Fiction Workshop Intensive
Workshop group one: M/W/F, July 13, 15, 17, 3-5pm EST FULL; Workshop group two: M/W/F, July 20, 22, 24, 3-5pm EST FULL
Workshop, $225, cap of 6 per class
In this workshop, each participant will submit a short story or first chapter of a novel (25 pages double-spaced, max). All manuscripts will be exchanged and read in advance of the class discussions. The emphasis will be on submitted work, with ample time for discussion about structure and revision. We will talk nuts and bolts as well as literary inspirations.
Number of sessions: 2 workshops of 3 meetings each
 

konermann_headshot-3086‌Alyssa Konermann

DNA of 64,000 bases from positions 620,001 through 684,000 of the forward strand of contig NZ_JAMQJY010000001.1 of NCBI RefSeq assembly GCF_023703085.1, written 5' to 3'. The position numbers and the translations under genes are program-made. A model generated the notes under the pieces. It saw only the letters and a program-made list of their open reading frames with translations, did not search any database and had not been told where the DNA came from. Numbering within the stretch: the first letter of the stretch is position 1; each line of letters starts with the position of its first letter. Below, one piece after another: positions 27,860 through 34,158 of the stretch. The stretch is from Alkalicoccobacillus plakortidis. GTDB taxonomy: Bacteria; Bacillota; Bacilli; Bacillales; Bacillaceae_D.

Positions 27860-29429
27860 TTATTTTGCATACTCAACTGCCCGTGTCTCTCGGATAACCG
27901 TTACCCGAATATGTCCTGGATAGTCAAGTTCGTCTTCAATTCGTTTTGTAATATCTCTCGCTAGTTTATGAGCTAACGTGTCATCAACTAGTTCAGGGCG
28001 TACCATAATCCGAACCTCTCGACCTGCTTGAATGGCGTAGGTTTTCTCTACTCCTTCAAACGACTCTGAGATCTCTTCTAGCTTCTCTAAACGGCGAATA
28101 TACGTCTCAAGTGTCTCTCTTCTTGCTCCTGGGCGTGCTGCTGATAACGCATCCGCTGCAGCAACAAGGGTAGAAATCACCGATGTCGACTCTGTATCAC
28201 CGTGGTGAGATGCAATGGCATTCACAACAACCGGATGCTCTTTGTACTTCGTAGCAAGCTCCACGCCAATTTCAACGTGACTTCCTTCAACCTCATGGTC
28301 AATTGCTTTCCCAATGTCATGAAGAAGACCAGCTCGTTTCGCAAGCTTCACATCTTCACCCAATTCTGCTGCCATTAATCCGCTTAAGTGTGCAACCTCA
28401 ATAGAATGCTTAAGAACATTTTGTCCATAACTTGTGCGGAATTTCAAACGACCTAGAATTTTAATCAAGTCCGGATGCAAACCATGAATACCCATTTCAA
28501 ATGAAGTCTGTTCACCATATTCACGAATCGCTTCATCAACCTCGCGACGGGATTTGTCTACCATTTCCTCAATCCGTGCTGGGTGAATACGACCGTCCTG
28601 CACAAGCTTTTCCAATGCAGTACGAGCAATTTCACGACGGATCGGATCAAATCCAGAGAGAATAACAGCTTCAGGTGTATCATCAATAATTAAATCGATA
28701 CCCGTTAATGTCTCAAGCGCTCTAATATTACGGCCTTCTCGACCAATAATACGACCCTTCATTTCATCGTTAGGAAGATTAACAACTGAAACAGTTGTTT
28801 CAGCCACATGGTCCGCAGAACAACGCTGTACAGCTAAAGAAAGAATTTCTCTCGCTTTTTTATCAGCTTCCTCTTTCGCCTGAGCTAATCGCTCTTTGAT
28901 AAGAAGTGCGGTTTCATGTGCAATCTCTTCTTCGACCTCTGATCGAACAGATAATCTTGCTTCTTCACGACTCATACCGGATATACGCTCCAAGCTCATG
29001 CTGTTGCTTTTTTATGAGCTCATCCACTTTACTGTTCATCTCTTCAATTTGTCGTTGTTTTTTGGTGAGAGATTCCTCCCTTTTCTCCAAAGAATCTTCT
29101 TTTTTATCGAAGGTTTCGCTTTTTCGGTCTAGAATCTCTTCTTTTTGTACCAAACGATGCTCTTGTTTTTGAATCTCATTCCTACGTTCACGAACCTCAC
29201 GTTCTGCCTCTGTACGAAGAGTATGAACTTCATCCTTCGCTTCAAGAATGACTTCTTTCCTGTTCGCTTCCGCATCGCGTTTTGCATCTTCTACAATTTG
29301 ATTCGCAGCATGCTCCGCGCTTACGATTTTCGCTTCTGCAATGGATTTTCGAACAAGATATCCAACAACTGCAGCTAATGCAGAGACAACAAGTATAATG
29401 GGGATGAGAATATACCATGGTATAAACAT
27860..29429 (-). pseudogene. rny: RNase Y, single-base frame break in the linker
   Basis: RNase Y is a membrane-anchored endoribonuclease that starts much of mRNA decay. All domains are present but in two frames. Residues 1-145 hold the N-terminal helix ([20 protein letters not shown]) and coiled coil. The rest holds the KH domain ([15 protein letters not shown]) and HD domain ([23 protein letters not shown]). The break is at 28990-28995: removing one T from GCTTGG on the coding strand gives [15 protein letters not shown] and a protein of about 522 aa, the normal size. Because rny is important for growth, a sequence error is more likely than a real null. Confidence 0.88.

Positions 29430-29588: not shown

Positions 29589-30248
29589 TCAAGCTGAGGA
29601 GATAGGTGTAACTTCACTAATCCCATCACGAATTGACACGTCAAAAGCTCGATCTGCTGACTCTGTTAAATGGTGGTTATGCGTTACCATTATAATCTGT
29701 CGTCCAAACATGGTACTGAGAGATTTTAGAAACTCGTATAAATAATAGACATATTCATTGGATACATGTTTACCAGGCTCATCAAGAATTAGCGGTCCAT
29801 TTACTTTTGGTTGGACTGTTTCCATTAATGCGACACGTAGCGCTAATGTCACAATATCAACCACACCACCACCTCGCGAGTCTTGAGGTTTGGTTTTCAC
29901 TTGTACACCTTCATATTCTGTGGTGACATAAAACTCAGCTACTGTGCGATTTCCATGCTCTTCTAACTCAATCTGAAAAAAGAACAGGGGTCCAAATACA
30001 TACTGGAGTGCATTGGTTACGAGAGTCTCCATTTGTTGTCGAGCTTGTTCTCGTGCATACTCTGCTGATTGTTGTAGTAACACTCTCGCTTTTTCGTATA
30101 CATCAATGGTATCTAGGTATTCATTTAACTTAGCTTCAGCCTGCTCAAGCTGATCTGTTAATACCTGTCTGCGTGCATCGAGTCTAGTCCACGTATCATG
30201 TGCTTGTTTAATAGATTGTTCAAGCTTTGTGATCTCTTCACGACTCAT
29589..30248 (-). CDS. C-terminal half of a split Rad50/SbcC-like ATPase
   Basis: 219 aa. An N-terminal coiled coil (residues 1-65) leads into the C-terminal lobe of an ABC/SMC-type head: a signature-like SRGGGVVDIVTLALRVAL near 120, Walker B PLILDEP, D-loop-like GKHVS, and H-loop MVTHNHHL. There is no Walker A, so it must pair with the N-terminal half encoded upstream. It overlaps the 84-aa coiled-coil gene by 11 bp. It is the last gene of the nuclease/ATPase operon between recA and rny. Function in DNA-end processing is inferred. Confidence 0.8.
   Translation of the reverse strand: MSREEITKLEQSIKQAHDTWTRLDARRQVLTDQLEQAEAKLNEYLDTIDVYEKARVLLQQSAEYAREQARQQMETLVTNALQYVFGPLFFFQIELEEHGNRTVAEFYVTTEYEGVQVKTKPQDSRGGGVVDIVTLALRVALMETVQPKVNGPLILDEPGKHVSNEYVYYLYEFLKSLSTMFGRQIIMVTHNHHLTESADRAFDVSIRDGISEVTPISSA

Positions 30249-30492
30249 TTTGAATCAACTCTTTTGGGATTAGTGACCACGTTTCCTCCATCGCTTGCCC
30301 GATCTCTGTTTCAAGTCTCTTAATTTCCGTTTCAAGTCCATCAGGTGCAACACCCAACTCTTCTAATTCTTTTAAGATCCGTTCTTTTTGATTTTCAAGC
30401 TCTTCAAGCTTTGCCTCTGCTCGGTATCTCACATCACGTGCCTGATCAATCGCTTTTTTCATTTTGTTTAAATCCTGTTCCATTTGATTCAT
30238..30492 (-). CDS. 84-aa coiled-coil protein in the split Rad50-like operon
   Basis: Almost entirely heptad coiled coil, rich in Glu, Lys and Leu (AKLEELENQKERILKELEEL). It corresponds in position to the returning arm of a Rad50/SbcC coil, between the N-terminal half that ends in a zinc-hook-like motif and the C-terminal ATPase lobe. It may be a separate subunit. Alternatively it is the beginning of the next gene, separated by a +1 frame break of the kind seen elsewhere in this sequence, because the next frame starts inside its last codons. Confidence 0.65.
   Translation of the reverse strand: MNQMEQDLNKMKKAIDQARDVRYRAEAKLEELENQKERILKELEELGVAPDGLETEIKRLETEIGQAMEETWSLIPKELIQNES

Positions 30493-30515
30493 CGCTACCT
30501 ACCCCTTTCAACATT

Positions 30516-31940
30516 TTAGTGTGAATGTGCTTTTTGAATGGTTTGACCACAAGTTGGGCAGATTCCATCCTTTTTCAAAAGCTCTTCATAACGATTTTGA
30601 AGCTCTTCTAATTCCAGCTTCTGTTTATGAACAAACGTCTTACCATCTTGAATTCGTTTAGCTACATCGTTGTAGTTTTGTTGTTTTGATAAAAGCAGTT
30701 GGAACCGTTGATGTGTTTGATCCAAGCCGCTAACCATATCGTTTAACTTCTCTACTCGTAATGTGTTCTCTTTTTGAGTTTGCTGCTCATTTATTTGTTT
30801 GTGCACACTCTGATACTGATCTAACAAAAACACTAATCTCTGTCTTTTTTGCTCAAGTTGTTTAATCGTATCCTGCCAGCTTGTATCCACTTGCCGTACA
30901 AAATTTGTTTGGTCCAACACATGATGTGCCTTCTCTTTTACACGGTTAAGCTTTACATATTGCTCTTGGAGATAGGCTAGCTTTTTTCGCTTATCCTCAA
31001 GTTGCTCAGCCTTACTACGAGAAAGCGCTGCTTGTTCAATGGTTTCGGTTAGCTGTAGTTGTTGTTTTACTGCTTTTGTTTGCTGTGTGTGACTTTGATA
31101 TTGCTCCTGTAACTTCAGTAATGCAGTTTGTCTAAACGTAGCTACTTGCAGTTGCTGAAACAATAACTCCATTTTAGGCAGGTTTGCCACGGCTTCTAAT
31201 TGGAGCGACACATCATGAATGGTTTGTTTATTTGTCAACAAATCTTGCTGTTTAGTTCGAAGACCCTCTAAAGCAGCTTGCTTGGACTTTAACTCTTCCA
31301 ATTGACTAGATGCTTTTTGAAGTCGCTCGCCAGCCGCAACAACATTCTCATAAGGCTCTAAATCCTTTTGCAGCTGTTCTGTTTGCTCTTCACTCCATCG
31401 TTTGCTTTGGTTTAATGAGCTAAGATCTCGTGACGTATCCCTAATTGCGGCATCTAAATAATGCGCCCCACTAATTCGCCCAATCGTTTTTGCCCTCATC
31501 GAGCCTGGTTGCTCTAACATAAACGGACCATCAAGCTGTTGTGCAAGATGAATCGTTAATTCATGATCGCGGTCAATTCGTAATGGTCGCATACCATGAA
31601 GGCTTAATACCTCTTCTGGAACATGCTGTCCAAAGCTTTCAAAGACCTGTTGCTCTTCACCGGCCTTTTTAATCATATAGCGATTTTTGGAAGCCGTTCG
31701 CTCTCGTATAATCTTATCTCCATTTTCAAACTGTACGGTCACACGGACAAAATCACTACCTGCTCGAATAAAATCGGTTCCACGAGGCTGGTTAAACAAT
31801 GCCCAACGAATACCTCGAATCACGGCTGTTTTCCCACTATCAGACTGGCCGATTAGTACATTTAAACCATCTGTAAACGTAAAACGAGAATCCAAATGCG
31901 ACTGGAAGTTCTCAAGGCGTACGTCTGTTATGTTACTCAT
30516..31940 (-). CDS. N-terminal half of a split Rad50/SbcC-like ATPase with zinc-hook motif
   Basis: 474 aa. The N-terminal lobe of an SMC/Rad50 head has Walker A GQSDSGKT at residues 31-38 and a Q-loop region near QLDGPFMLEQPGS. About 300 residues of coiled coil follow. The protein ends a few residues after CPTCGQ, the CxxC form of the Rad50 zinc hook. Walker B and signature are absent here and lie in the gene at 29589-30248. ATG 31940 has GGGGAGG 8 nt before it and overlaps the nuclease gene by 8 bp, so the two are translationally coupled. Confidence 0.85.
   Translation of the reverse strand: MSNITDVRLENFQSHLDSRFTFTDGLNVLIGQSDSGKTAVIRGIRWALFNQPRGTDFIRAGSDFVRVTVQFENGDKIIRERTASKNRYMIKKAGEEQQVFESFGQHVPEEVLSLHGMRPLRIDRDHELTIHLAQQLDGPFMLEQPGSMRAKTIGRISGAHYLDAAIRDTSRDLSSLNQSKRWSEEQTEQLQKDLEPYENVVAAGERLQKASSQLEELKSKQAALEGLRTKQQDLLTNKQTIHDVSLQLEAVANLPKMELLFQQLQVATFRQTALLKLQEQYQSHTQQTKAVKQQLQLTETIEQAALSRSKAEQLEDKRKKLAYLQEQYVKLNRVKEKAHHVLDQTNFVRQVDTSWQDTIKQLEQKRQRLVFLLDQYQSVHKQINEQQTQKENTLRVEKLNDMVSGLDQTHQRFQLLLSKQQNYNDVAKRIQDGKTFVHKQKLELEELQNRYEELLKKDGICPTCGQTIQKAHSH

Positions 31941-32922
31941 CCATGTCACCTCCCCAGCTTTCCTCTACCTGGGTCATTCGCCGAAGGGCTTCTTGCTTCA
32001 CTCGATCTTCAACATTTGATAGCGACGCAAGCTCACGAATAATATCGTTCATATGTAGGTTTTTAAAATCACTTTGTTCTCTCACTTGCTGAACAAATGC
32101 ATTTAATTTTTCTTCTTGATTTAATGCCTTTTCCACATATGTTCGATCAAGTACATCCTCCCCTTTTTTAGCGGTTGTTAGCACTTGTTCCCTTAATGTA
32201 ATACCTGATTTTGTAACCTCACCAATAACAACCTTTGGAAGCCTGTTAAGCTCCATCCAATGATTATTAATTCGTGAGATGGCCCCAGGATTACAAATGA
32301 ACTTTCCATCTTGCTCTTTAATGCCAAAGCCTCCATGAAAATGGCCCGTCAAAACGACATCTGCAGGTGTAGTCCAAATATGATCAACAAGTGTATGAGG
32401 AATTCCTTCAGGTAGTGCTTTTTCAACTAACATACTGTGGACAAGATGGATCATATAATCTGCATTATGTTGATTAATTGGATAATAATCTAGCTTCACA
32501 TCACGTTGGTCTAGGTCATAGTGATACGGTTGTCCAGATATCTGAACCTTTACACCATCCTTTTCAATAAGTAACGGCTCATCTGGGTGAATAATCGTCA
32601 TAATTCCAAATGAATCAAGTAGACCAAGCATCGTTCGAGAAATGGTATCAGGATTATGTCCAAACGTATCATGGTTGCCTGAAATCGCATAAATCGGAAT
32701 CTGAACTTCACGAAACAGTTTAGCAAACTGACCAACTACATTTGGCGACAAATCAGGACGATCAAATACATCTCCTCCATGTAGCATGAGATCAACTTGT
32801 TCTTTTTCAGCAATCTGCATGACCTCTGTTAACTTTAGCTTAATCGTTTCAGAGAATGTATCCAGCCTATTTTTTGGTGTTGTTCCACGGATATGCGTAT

Pitch On: How to Successfully Query Magazines & Websites
July 15, 3-5pm EST
Master class, $75, no cap
Get the editor's side of story pitches: What makes the good ones stand out? What might be getting yours deleted that has nothing to do with your story? When's the time to send? And to whom should you send? I'll offer a candid take on what to expect, how to proceed, and how to place—and get paid for—your stories with magazines, websites, and other outlets. I will also offer feedback on one pitch per participant within a week of the class.
1 session
 

Gail Hochman__PhotoGail Hochman

What All Publishing Professionals Wish New Writers Would Know: You Don’t Want to Learn the Hard Way
July 20, 3-5pm EST
Master class, free, no cap